Creating a sturdy wooden rocking chair is the mark of an experienced woodworker – it’s not an easy task. That is especially the case for chairs made before the advent of power tools and everything that makes a carpenter’s life easier. Despite their lack of electricity and what we consider essential tools nowadays, carpenters back in the old days made exquisite pieces, ones with real warmth and vitality. These pieces of furniture can and do last for a hundred years or more, especially if they receive even a bit of love and care along the way.
But even chairs that have been neglected and experienced some wear and tear along the way can be repaired, restored, and given new life – if you have the right idea how to go about it. One such piece in need of some loving attention that we recently got and brought back to life is this exquisite Victorian splat back fireside rocking chair. It has turned arms and a double H stretcher – a sign of a skilled craftsman making a high-quality product. The makers initial indicates it was made around 1880, and for the condition that is in, it has kept remarkably well. Still, there are a few things that need mending and attention, so let’s get into that.
This old chair has a couple of issues – firstly, one of the arm spindles is a bit loose. We’ll deal with that by carefully taking apart the top half of the chair, disassembling the slat back. This’ll allow us to remove the arms and their support spindles from the rest of the chair. This is done by carefully tapping the armrests outwards from the two back supports and then upwards with a mallet, to detach them from the spindles. When we’ve done that, the support spindles will be removed as well, since the problem looks to be in one of the holes that they fit in on the seat itself. If they were stubborn, I might have drilled a small hole through the bottom of the seat and used a center-punch and hammer to tap them out, carefully twisting them out, so that they don’t break. It’s better to remove them whole than rush through it, break a part of the spindle off, and then have to repair that, too! But as it stood, the outer spindle for the armrest was actually too loose, and that was what I wanted to fix.
Once that was removed, I decided to do what any furniture restoration enthusiast who wants to conserve old and beautiful things does – I made preparations to give the chair a nice new coat of varnish. It’s one of those things that should be done well, and if is, gives the chair a nice, protective layer that also looks great. Since I was pressed for time and working on this chair in a different workshop than my usual one, I decided to use a power tool – a BO5041K 5-Inch orbital sander from Makita – to strip the wood of existing varnish. I’ve found this to be the best orbital sander for such work, but you can use any small power sander to do the job. Power tools can be very time-saving, but remember that slow and steady wins the race, even (or especially) with an orbital sander. We don’t have to spend as much time doing things as our woodworker predecessors did, but you should take care when mixing power tools and old furniture.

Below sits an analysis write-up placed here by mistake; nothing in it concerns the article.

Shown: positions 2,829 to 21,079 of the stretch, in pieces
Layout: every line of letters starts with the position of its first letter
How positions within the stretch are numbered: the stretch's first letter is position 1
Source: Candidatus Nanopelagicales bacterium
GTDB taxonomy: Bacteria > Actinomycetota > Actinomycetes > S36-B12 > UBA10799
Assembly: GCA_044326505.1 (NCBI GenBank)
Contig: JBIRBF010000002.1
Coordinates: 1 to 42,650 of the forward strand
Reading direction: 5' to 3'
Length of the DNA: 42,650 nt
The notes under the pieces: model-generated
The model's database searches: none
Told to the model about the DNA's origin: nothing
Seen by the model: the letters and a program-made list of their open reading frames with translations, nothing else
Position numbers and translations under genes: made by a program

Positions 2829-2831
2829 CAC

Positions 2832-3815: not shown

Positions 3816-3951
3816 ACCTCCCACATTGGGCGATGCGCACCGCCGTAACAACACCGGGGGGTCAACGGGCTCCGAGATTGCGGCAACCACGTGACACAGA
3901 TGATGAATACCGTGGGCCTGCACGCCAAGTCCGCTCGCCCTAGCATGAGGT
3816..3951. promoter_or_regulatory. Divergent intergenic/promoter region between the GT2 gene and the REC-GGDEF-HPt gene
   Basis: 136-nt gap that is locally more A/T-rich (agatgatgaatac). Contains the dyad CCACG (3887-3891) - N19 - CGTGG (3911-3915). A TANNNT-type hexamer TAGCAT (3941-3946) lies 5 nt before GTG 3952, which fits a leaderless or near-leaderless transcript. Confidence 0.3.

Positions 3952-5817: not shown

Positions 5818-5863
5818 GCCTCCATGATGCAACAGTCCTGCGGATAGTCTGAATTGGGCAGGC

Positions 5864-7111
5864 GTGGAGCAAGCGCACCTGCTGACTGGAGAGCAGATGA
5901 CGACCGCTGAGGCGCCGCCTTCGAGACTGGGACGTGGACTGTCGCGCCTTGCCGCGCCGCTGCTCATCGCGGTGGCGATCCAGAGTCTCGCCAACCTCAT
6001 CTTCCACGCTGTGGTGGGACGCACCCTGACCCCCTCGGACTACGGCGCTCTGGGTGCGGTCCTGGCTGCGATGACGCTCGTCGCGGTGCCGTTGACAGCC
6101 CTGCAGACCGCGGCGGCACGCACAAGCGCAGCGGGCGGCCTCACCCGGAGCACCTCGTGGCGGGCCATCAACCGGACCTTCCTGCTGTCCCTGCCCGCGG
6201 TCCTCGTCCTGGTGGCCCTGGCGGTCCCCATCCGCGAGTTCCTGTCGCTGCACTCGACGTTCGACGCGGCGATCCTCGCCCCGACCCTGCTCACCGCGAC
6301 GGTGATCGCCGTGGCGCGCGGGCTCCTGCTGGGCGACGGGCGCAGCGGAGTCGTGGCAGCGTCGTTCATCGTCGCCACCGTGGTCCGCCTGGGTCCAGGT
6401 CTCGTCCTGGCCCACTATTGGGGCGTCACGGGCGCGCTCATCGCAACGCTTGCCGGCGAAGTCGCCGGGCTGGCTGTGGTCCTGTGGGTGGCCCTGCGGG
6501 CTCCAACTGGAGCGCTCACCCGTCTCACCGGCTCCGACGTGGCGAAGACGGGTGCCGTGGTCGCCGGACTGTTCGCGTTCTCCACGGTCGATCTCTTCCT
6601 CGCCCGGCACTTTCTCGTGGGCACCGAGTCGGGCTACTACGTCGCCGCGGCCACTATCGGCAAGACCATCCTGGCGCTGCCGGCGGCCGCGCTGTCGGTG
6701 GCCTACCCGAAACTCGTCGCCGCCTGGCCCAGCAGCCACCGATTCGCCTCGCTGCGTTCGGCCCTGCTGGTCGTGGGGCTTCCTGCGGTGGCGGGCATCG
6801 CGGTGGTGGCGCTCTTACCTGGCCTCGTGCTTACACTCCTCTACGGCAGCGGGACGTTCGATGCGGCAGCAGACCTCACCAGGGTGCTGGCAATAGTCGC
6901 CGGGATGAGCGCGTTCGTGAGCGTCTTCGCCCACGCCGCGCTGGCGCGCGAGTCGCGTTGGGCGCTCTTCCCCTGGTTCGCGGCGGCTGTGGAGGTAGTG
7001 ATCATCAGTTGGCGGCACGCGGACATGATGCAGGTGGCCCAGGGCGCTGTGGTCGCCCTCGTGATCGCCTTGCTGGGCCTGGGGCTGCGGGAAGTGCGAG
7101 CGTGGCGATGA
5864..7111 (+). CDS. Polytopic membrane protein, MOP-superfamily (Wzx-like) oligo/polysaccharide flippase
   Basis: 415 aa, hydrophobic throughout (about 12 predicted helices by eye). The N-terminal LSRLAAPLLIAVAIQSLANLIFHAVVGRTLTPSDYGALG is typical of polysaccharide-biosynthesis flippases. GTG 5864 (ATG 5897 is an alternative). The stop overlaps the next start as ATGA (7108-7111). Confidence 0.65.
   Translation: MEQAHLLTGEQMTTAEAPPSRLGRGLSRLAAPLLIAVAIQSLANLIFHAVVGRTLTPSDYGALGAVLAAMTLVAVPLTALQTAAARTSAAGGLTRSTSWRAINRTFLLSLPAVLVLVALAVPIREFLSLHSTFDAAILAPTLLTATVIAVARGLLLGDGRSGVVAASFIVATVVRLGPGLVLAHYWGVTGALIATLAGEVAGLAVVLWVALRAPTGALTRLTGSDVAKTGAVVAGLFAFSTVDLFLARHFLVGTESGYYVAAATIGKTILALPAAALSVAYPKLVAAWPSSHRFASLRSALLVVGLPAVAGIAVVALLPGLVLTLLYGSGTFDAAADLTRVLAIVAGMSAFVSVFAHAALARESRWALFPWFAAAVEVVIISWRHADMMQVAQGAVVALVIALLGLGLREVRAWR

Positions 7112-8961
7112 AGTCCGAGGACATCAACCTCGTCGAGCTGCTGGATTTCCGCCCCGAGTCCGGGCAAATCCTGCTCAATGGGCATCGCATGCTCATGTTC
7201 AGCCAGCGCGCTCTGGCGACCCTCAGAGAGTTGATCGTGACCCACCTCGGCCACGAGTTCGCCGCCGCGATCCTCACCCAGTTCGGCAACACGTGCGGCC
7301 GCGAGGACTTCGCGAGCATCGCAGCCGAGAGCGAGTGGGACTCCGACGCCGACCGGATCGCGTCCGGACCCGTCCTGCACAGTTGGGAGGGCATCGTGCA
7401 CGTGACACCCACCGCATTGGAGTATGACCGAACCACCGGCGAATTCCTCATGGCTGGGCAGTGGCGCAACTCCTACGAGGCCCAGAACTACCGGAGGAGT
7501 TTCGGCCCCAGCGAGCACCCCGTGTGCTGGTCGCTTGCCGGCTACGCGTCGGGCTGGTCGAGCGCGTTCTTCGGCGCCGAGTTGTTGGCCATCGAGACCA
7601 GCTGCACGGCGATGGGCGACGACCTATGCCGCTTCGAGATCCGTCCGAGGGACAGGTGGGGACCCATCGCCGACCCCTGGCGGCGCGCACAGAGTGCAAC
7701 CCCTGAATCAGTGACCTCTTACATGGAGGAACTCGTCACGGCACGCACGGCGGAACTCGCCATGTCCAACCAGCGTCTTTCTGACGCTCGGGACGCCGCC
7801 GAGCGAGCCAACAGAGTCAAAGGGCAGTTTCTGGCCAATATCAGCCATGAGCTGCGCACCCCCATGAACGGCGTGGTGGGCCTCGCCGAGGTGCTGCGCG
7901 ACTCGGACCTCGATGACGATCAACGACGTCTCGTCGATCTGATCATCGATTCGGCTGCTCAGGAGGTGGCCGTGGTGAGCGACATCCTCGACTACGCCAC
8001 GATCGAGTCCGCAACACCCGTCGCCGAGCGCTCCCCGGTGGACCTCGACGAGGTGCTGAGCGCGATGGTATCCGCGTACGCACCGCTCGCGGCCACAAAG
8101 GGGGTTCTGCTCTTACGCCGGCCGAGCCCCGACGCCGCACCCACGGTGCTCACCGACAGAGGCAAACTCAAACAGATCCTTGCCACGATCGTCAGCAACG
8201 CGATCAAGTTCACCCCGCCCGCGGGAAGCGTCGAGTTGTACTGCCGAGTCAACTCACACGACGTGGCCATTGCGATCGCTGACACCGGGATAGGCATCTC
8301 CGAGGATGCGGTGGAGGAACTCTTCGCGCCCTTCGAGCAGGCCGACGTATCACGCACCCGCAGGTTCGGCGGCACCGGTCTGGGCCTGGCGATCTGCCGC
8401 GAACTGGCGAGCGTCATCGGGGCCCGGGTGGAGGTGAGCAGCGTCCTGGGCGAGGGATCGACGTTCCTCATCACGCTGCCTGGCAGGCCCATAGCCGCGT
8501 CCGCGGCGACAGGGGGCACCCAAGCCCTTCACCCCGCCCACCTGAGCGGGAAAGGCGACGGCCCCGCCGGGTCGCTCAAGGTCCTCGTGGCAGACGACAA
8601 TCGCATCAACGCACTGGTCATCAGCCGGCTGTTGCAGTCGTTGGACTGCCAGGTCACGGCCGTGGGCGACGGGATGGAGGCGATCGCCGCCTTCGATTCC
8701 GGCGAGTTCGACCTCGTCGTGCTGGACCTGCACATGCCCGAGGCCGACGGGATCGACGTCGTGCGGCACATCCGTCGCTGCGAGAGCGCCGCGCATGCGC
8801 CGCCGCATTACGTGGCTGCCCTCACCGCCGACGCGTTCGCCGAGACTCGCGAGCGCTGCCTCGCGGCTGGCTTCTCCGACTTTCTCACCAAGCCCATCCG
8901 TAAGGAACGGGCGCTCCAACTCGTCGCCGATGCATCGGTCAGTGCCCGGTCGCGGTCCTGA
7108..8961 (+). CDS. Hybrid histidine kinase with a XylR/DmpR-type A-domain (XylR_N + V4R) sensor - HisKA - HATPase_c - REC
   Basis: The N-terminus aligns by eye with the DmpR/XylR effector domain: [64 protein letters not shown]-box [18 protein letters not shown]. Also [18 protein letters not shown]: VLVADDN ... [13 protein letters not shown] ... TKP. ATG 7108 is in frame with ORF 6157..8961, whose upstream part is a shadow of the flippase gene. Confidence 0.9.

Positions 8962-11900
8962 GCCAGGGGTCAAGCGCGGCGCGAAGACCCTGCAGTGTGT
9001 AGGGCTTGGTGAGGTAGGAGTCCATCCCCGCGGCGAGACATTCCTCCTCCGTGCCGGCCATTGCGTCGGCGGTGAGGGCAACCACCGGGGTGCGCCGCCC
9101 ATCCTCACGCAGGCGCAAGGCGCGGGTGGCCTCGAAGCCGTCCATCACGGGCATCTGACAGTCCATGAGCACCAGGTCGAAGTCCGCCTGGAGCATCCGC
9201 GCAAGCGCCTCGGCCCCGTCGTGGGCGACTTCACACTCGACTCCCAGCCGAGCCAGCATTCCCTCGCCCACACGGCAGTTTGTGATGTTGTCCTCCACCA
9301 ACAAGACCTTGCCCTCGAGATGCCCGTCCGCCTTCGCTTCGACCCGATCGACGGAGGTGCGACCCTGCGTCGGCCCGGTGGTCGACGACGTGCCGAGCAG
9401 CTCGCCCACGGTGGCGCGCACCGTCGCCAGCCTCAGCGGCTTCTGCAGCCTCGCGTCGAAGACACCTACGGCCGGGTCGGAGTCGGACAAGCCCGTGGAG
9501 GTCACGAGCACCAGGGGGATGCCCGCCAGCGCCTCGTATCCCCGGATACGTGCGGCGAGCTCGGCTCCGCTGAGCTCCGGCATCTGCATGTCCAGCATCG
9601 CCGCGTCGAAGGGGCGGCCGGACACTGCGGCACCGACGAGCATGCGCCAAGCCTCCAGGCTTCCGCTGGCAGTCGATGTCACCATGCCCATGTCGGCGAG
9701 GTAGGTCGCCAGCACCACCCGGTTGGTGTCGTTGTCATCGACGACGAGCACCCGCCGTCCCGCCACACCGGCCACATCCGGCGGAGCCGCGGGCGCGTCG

Anyway, that’s the obligatory word of advice of an antiques saleswoman who has learned this the hard way! In any case, you should do the sanding slowly and carefully, in increments. You don’t want to take off too much varnish and sand down into bare wood, but you don’t want to barely scratch it either and then end up with more layers of varnish than you need. This entails finding a middle ground, which is easy enough if you’re careful. This particular chair had also had some woodworms at some point in its life, but I saved myself the trouble of eliminating their visual traces and you should too. Unless it is distracting, such things are a fact of life for many pieces of wooden furniture and can be a dignified sign of aging. Or so I tell myself! In any case, getting rid of all signs of the previous inhabitants would have meant sanding off a lot of wood – too much, I would say – so that was not going to happen.
When I was finished using the orbital sander, I turned my attention to the hole in the seat where the outer spindle fit. Don’t make the mistake of simply jamming some more glue into a hole which already has old glue and then putting the piece or dowel back in. Glue doesn’t stick to glue! Instead, you’ll want to remove any old glue using a small drill bit or chisel, sand the immediate area around the hole down a bit, and only then add new glue.
Once everything is glued back together, you should give it all a nice new coat of varnish. Remember that it’s accepted practice to give furniture a few coats of new varnish, and in between coats you lightly and gently sand down (with fine-grit sandpaper) the previous new layer of varnish after it has dried. The more coats, the thicker and more durable the finish – but try not to apply more than four coats, that’s certainly enough for most varnishes.
Finally, enjoy your newly-restored and rejuvenated Victorian-era rocking chair! I know I did. It’s a beautiful piece of furniture, and whatever piece you’re working on, you can take inspiration from this little restoration walk-through. I certainly hope this gave you an idea of the process and helped you appreciate how wonderful it can be to care for your old furniture and give it new life. Good luck with all your projects!